The daily Tar Heel. (Chapel Hill, N.C.) 1946-current, February 22, 1971, Page 1, Image 1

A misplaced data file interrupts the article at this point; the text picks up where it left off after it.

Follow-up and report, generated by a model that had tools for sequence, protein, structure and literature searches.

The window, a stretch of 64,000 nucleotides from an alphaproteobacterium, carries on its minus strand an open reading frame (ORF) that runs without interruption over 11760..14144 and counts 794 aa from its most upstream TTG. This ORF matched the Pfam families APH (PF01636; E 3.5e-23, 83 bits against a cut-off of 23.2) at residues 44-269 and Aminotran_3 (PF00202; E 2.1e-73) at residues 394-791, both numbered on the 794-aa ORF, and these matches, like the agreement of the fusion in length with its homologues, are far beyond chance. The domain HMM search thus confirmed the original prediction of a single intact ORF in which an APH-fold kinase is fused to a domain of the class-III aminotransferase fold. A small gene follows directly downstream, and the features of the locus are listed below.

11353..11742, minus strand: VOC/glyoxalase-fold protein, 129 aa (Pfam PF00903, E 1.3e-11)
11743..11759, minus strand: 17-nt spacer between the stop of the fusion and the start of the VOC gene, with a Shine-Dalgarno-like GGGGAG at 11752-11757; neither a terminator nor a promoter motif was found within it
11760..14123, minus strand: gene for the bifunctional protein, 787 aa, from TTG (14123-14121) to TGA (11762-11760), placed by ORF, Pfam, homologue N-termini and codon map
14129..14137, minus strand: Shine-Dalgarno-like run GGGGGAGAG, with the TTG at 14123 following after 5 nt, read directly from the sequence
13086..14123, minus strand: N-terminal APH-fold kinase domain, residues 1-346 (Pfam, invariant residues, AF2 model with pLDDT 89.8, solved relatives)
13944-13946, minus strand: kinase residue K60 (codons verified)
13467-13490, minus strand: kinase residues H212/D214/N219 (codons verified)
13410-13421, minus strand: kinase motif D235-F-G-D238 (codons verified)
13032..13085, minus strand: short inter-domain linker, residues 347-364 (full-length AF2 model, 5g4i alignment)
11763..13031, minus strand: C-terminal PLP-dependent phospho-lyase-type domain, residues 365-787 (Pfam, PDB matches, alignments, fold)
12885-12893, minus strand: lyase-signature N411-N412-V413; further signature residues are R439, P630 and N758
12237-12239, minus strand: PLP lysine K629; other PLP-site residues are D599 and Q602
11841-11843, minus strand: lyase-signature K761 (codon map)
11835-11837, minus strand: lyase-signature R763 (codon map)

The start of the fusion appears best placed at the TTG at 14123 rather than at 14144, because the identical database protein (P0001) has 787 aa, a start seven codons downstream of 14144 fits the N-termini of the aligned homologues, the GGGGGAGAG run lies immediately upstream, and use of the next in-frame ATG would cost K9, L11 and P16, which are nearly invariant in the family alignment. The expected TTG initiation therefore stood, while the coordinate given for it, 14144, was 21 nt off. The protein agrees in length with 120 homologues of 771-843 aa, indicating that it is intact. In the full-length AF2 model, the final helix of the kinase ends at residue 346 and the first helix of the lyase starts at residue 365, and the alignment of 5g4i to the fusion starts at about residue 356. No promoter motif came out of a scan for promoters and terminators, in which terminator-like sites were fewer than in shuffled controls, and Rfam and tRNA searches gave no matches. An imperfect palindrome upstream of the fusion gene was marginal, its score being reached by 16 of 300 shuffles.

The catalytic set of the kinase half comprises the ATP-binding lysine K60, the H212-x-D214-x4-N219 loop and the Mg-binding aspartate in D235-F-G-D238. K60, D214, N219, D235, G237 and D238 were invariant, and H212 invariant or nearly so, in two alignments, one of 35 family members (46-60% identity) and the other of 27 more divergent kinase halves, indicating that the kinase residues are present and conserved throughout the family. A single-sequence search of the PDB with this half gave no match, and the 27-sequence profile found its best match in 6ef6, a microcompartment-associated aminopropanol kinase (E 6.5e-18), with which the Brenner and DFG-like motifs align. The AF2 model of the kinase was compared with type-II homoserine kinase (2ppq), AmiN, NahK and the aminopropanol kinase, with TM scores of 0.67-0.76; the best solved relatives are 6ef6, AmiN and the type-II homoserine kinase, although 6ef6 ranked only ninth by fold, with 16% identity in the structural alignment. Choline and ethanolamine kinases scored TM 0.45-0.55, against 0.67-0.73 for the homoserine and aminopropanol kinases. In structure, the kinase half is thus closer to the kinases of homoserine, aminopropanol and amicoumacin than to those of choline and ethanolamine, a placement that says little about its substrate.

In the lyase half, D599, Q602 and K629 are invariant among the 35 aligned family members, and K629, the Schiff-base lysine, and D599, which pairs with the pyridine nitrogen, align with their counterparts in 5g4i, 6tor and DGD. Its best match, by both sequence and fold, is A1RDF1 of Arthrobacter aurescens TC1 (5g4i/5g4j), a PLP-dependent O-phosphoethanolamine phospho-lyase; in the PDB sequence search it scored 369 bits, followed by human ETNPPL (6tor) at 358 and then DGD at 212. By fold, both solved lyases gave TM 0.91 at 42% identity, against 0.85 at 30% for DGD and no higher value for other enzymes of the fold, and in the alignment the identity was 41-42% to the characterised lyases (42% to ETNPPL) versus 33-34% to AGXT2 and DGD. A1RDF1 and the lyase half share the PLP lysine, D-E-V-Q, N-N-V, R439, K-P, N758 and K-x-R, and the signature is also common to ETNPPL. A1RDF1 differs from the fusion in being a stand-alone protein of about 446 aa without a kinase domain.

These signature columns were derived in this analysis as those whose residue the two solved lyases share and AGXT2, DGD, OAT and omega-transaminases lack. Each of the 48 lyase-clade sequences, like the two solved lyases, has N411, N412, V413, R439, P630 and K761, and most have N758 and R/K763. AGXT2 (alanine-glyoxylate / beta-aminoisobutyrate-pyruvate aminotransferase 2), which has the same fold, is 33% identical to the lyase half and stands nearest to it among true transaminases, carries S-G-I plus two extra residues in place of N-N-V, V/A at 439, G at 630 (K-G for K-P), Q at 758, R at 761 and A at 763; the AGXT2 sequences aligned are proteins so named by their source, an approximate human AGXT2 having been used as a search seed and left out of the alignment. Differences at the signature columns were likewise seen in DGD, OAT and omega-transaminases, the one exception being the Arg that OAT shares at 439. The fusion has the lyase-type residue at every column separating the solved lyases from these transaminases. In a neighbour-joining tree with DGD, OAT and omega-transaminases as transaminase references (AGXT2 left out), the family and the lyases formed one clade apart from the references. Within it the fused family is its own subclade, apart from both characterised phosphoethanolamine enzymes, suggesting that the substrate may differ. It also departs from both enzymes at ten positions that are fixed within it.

o n Boos siinnic up by Chris Cobbs Sports Editor Dean Smith stood at the base of the dimly-lit sloping corridor leading to the UNC dressing room in the bowels of Carolina Coliseum. He held a menthol cigarette in Vol. 78, No. 100 if WO by Jessica Hanchar Staff Writer 'There is a message in Womens' Liberation that is just as appropriate for women in the professions as well as for women in the movement," Sheila Tobias told members of the N.C. Business and Professional Women's Club this weekend. The message, the fight for equal rights for women, was delivered by Mrs. Tobias, associate provost at Wesleyan University, and by U.S. Rep. Martha Griffiths (D.-Mich.) at the 16th annual Spotlight on Women conference. "You don't have to decide if the message is true or not," explained Mrs. Tobias, "because it just rings true." While Mrs. Tobias, a founder of the National Organization of Women, brought to the group an awareness of the "problem that has no name." Rep. Griffiths brought examples of the problem in the way of court cases and specific legislation. "The Supreme Court has never by Marc Shapiro - Staff .Writer , An anti-draft rally sponsored by the Young, Americans for Freedom (YAF) will1 be held Tuesday at 7:30 p.m. in 202-204 of the Carolina Union. Featured T1 tademtts (D) discuss GM issoe by Woody Doster Staff Writer The Consolidated University has become involved in the current attempt to reform General Motors (GM), because it owns 6,100 shares of GM stock valued at almost $500,000. The reformers are the Project on Corporate Responsibility, a national group which seeks to give GM consumers and stockholders a greater voice in decision making. At this morning's 9:30 meeting of the Finance Committee of the University Board of Trustees, 20 minutes will be devoted to discussing whether the Consolidated University should give their 6,100 votes to GM's status quo management or to the Project. Three students will be allowed to attend the previously closed meeting. The three are UNC's Gerry Cohen and Bob Blair and N.C. State's Gene Tyson. Student Legislator Cohen will address the 10-member committee to explain why the Legislature favors the three proposals of the Project on Corporate Responsibility. The first proposal, on shareholder democracy, would make GM directors more responsive to shareholders' concerns by permitting all shareholders to make nominations for and choose among opposing candidates for director. A proposal on constituent democracy would give three of GM's most important constituencies consumers, dealers and employees the right to select three directors. The third proposal, on disclosure, would encourage an informed electorate Witness deadline The deadline for signing up to go Washington, D.C. Tuesday with Washington Witness is today at noon. 4 Washington Witness II will leave Tuesday morning at 4:30 a.m. from the Morehead Planetarium parking lot. The trip was organized by students and faculty members to discuss specific legislation, primarily the Vietnam Disengagement Act of 1971, with Congressional leaders, in an effort to end the war in Indochina. The cost of the round-trip bus transportation is $12. Interested persons may sign up at the YM-YWCA. X'V.v.vr,v.v.vr,v,v.v.v.; M!KK::!::Si:K5:K:.vVAVtV.vv.r.v. one hand, a soft drink can in the other. A cluster of newpapermen crowded in to hear him. "It was a most unusual game," Smith began. "Neither team played up to lis capauiiiueb. um:: " 23) Oil 'TTTH TMO ijy ON ears Of Chapel Hill, North Carolina, L on MIL HPa i o n permitted any woman to win a suit under the 14th amendment," said Mrs. Griffiths. "The Court is talking about women in the Middle Ages when it comes to their rights." Rep. Griffiths successfully introduced the Equal Rights Amendment to the Constitution last session. The amendment was opposed and amended by N.C. Sen. Sam Ervin and defeated in the Senate. Mrs. Griffiths plans to re-introduce her amendment this year. Mrs. Tobais related the message in Women's Liberation by asking the women to "look at the experience on the job of working women and find the analysis that rings true." She proceeded by giving examples of psychological and social obstacles to working women. "Working women are the victims not only of overt discrimination, such as pay and promotion, but also of myths and definitions of our roles," she said. "We are asked to perform typically female roles on the job, such as making coffee, and then we are denied promotion for if draft raJlJly slated. speaker will be Jerry Norton, national college director of YAF. State "Chairman of the ; YAF, "David r Adcock Thursday appealed "to everyone on campus," to attend the rally. The purpose of the rally is to solicit support for passage of U.S. Senate bill S-495 to by giving shareholders the minimum info mation necessary to judge whether GM is meeting its public responsibilities in areas such as air pollution control, automotive safety and minority hiring. 'The University as a social institution must be socially responsible," Cohen said. "If the University is concerned about the issues of environmental pollution or constituent democracy they must vote for the three proposals." ECOS is also urging the University to vote with the Project. "We are sympathetic to their plans and I have urged University Vice President (Felix) Joyner to speak to the Finance Committee," said ECOS Director Watson Morris. "The purpose of the Project is to make sure large corporations are responsive to consumers and shareholders," Cohen said. "Right now, corporate democracy in American business is a myth," he continued. The Project is focusing its reform efforts on institutions, such as banks and universities, including UNC, because collectively they own 35 per cent of GM stock. The University's stock is owned by the Endowment Fund, used mainly for student aid. According to Cohen, the dividend loss resulting from the proposals would be "negligible." "The loss to the environment the University will suffer if these proposals don't pass is surely greater," Cohen said. To inform people of the issues, Cohen plans to ask Board members to attend panel discussions on the University campuses with students, faculty and Project members from Washington who have already agreed to attend. "If the Board can't reach a decision today, we will ask that they meet agina or conduct a vote by mail," said Cohen. The Project on Corporate Responsibility conducted a similar campaign to reform GM last year. The Project's request that their proposals be put on the GM proxy was refused. The Securities and Exchange Commission intervened and forced GM to indued the proposals, but the Project couldn't send along any supporting material. As a result, only 3 per cent of the 2.5 million GM shares voted for the proposals. At that time a campaign was conducted on campus to have the Finance Committee vote with the Project. The Board, however, voted with GM's management as they have in the past. ttrastte es The 72-66 score favoring seventh-ranked South Carolina gave some indication of the truth of his statement. The No. 8 Tar Heels, with the second best field goal shooting percentage in America, made only Editorial Freedom Monday, February 22, 1971 o it nrare just these reasons." This she termed role conflict. "Men are also supervisors of offices made up only of women," Mrs. Tobias said. "I doubt any of you have ever been in an office where a woman was supervisor of a group of men." Another example of discrimination, she said, was job segregation. "We are channeled into positions that are less rewarding. Jobs are sex stereotyped so that there is no interchangeability of roles." She asked women in the audience to compare their positions in the career world with those of their brothers or men they started out with in the same office as proof of job discrimination. "Women are in dead end jobs and made to feel natural to be there," the NOW founder charged.. "Job segregation is the key to keeping women down," she added. "This way women don't see the difference between them and the men being promoted, don't see the discrimination." institute a volunteer army by cutting off conscription, raising pay and improving ""living conditions: witliltftlie Army.' - The bill, introduced by Senators Barry Goldwater (R.-Ariz.) and Mark Hatfield (R.-Ore.), if passed, would take the place of the President's authority to draft soldiers which expires this June 30 under the Selective Service Act of 1967. A similar bill last year lost by a vote of 55-37. Adcock says with the addition of new senators, including William Brock (R.-Tenn.) and James Buckley (Ind.-N.Y.), both favorable to the bill, a swing of only five votes would be needed to secure passage. Adcock stresses the fact that support in North Carolina is important since Senator Sam Ervin (D.-N.C.) is one of those pivotal senators who may switch their vote from last year for passage. Senator Everett Jorden (D.-N.C.) voted for a volunteer army at that time. If the bill fails, barring any other attempts to change, the draft will continue in its present form for three more years! At the rally petitions will be signed and plans for further action will be made. Under the direction of Phillip Skeen, who heads Repeal the Draft Program of the YAF on this campus. Adcock calls the rally "a golden opportunity for students to try to work within the methods of society to institute change." Medical school by Lou Bonds Staff Writer There are two battles being waged over the proposed East Carolina University (ECU) medical school. The first is one of academics. "Is it feasible to locate a medical institution at ECU?" Most of the medical experts hired to answer that question have reached a definite agreement. Their reply is "no." It is on the second battleground, a political front, that the answer will finally be given as to whether or not ECU will obtain the medical school. And it is here, in the N.C. General Assembly, that ECU President Leo Jenkins seems to be gaining a slow victory. In 1963, the idea of locating a second state-supported medical school in Greenville was first discussed. The General Assembly then decided it would be a good idea to have some sort of study done to see if the idea was feasible. Each of the medical groups recruited for the study returned the same answer "not at ECU." But ECU has enough pull in the General Assembly to skirt each of the pessimistic reports by experts. In 1963, the General Assembly decided to include ECU as one of the locations for a proposed medical school. In 1965, it persuaded legislators to okay a two-year program if it could meet standards by the first day of 1967. three field goals in the first half and only 15 for the afternoon. Most of the regionally televised contest was played at an aggravatingly slow pace, broken repeatedly by fouls. In fact, a Coliseum record of 58 mm Founded February 23, 1893 nom Mrs. Tobias expalined that social and psychological obstacles to women begin very early in infancy and are part of the socialization process. "Boys are taught to be stimulated and to control their environment while girls are taught to fear it and adapt to it." She showed examples of how children's books reinforce the stereotyped images of women. "Boys are shown in achieving situations and are taught to please themselves. Girls are shown in situations where they are pleasing others." Mrs. Tobias said part of the problem lies in the attitudes of women toward other women. "Women resent working for women because it is part of our condition to feel natural to take orders from men but not women." ''Women are taught very early that they have to please men to get anywhere, either in marriage or on the job. So we resent other women's competition," she added. "The only way is to change our own behavior," she explained. "We don't want to become like men but raise our own consciousness. If we can make women demand what is our right, the pillars will fall." During the question and answer session that followed, the women in the audience affirmed the examples Mrs. Tobias raised, in tlieix own experiences. "If these examples fit you, then you are as much for Women's Liberation as the college women," she said. Rep. Griffiths gave the women's group examples of the problem outside the working world. One example was the recent court case concerning a Florida woman who was denied employment because she had children under six while a man with children under six was hired for the same job. The Supreme Court sent the case back to the lower court. "This kind of discrimination happens often," according to Mrs. Griffiths. "The courts are not the place to settle equal rights; the place is in the legislatures. The Congress should make federal, state and city laws apply equally. "The working woman should not have to go to court to demand equal protection. The Equal Rights Amendment would force legislative bodies to do it," she said. Rep. Griffiths expressed the hope that "some day some president will finally have the sense to appoint a woman to the Supreme Court. Someday the Supreme Court will look down and say this plaintiff or defendant may be a woman but she's human and the Constitution of ' the" United States applies to her." In reference to actions by Sen. Ervin . to defeat the amendment, Mrs. Griffiths said, "They aren't living in a real world up there in the Senate. They are totally unaware of the millions of women working to put their children through school or add to their standard cf living." question academics News analysis And when an affiliate group of the American Medical Association told the General Assembly in 1967 ECU was not able to meet prescribed standards, legislators approved the school anyway and made East Carolina a state-supported school. At a meeting of the State Board of Higher Education Friday, East Carolina won another small but strategic battle. The education board voted to recommend a one-year ECU medical program over the proposed two-year plan. As Jenkins said, it was not what ECU wanted but it was a step towards eventually locating a full four-year school there. At that meeting, Gov. Bob Scott, chairman of the UNC Board of Trustees, gave his support to the board's recommendation and struck out at University officals for trying to "block the approval of medical education at East Carolina University." The Governor referred to Consolidated University President William C. Friday s refusal to support another Jenkins strategim that would have graduates of the personal fouls were detected. "I don't think any of the players harbored any animosity for each other," Smith said. He was perturbed by the actions of Gamecocks John Roche and John Ribock, however. Roche, high scorer in the game with 32 points "swore" at Smith and "asked me how good a player I used to be," the coach related. Ribock was even more offensive, according to Smith. The 6-S, 240-pounder stepped on fallen Carolina guard George Karl on one occasion and elbowed reserve Kim Huband as he walked to the foul line another time. Smith incurred a technical for protesting the former incident. "A coach is worthless if he doesn't protect his players," he observed, more than a little disgusted. Each hand went to his mouth, then he continued. 'Tve been in the Atlantic Coast Conference 13 years but this was the first time anyone ever did what Paul Dietzel did." The USC Athletic Director sat directly behind Smith and tried to calm the hostile Gamecock crowd. "I want to publicly thank Coach Dietzel," said the Tar Heel mentor. "Both he and Coach (Frank) McGuire tried to control the fans." Smith also praised McGuire s coaching. "Frank has done an excellent job, he's got a terrific rebounding team. They are good enough to beat anyone in the country." The Gamecocks, seldom allowing. UNC more than one shot, outrebounded the visitors 38-26 and outshot them from the field 52.2 per cent to 36.6. Smith grinned for a moment. 'They actually payed us a nice compliment by holding the ball on two occasions. I think that helped account for the low score." Fl&o State by Mark Whicker Sprots Writer Carolina's magic number for clinching a tie for the ACC title is down to one, but the Tar Heels can't do anything about that matter tonight. Their time will be occupied with a tough, high-scoring "King-high flush" from Florida State, in Carmichael Auditorium. The freshmen begin proceedings against East Carolina at 6 with the Tar Heel-Seminole clash immediately following. Since Duke beat Virginia 101-69 Saturday night, a Carolina conference win or a South Carolina loss would give Dean Smith's crew a sure tie for the regular season championship. Both teams have two conference games left on the road, the Heels going to Virginia Saturday and Duke the week after that. State invades Carmichael March 3. The Gamecocks have two games with Wake Forest and a trip to the Wolfpack den on the remaining two-week agenda. Smith knows a victory tonight would give the Heels a lift going into inhospitable Charlottesville, but Florida State won't be a pushover. The Seminoles, with a relatively easy schedule behind them outside of three losses to Jacksonville, are 1 7-6. This gives Coach Hugh Durham a 77-15 record since 1967. Three of those losses came in North Carolina. Last year, when FSU gave Jacksonville or polMc? Ji The Gamecocks delayed, with Roche handling the ball, for the last two minutes of the first half, when they ran up a 12-pcint lead. They also held it when Carolina rallied to cut the difference to 50-45 after 12 minutes of the second period. Then came the turning point, as Smith related the story. Tar Heel Dennis Wuycik, driving for two of his team-high 21 points, incurred a charging foul. USC's Bob Carver was awarded two free throws and he sank them both. That nullified Wuycik's hoop, made the score 56-51 and set up Carolina's final surge. The Cocks extended the margin to seven before UNC rallied in the last four minutes. "We thought we'd win then," Smith related. "We were really disappointed not to come out with a victory." Roche put it away with a pair of free throws after Tar Heel guard Dale Gipple was off target with two jumpers in the concluding 30 seconds. The loss left the Tar Heels 17-4 for the year, 9-2 in the ACC. USC is 16-4 and 7-4 with three league games remaining. Behind Wuycik for the losers were Bill Chamberlain with 17 points and George Karl with 16. Smith refused to let any Tar Heels talk to the press. He feared in the tense atmosphere someone might make a statement that would find its way to an opponent's bulletin board. "You're dead this year in the ACC if you give anyone any extra incentive," he said. "I rarely close the dressing room, but this is certainly an unusual occasion." Thus ending, as he began, with an understatement, Smith crushed his cigarette, said "thank you" and rejoined his teaf. s v f On VlSllES tanii its only regualr season defeat and went 23-3, the team was affectionately called "the busted flush," referring to their four black starters and 6-9 center Dave Cowens. Cowens is now a top rookie with the Boston Celtics, but Durham has replaced him with 6-1 1 Whiteville, N.C. native Reggie Royals and also installed 6-4 scoring whiz Ron King. So the Tallahassee crowd calls the current Seminole edition "the King-high flush." Royals only weighs 190 pounds, and was given a few lessons by Jacksonville's Arris Gilmore earlier in the season. He is FSU's top rebounder, followed by 6-4 junior Vernell Ellzy. Other possible starters are 6-6 forward Rowland Garrett and point man Skip Young, a 6-3 senior. Florida State is barred from post-season play by the NCAA for recruiting violations, but Young and Durham have been beaten by Carolina three straight years and Royals will be psyched for a return to his home state. Starters George Karl, Dennis Wuycik, Lee Dedmon, Steve Previs- and Bill Chamberlain should be prepared for an evening of running, but the Tar Heeb may have a board edge and the important partisanship of the Carmichael regulars, who will be cheering for a return to form. A rebound from the 36.6 percentage they shot at South Carolina is imperative for a Tar Heel victory, and preservation of Carolina's national ranking. or a proposed ECU medical school complete their third and fourth year of training at UNC. Friday indicated he prefered expansion of UNCs own medical school, including the establishment of a one-year medical program at N.C. State University. For this decision, Friday received a verbal lambast from the Governor during the board's meeting. Scott went so far as to compare Friday's refusal of Jenkins plan to "The so-called blue bloods of society who look down in contempt on anyone whose ancestry doesn't date back to the pilgrim fathers." Scott made it clear he supports not only a one year ECU medical school but a four year school there in the future. Several questions have evolved out of the issue, most of them concerning Scott's position. Why would Scott, who presides over the UNC trustees, offer his assistance to ?n ECU proposal rejected by leading medical authorities? Part of the answer may lie in the 1968 governor's race. One of Scott's active campaigners was none other than Leo Jenkins. Why would Scott support a program costing taxpayers $500,000 for a one-year school and over $150 million for a full four-year school. That is the quesiton William C. Friday is asking himself at the moment.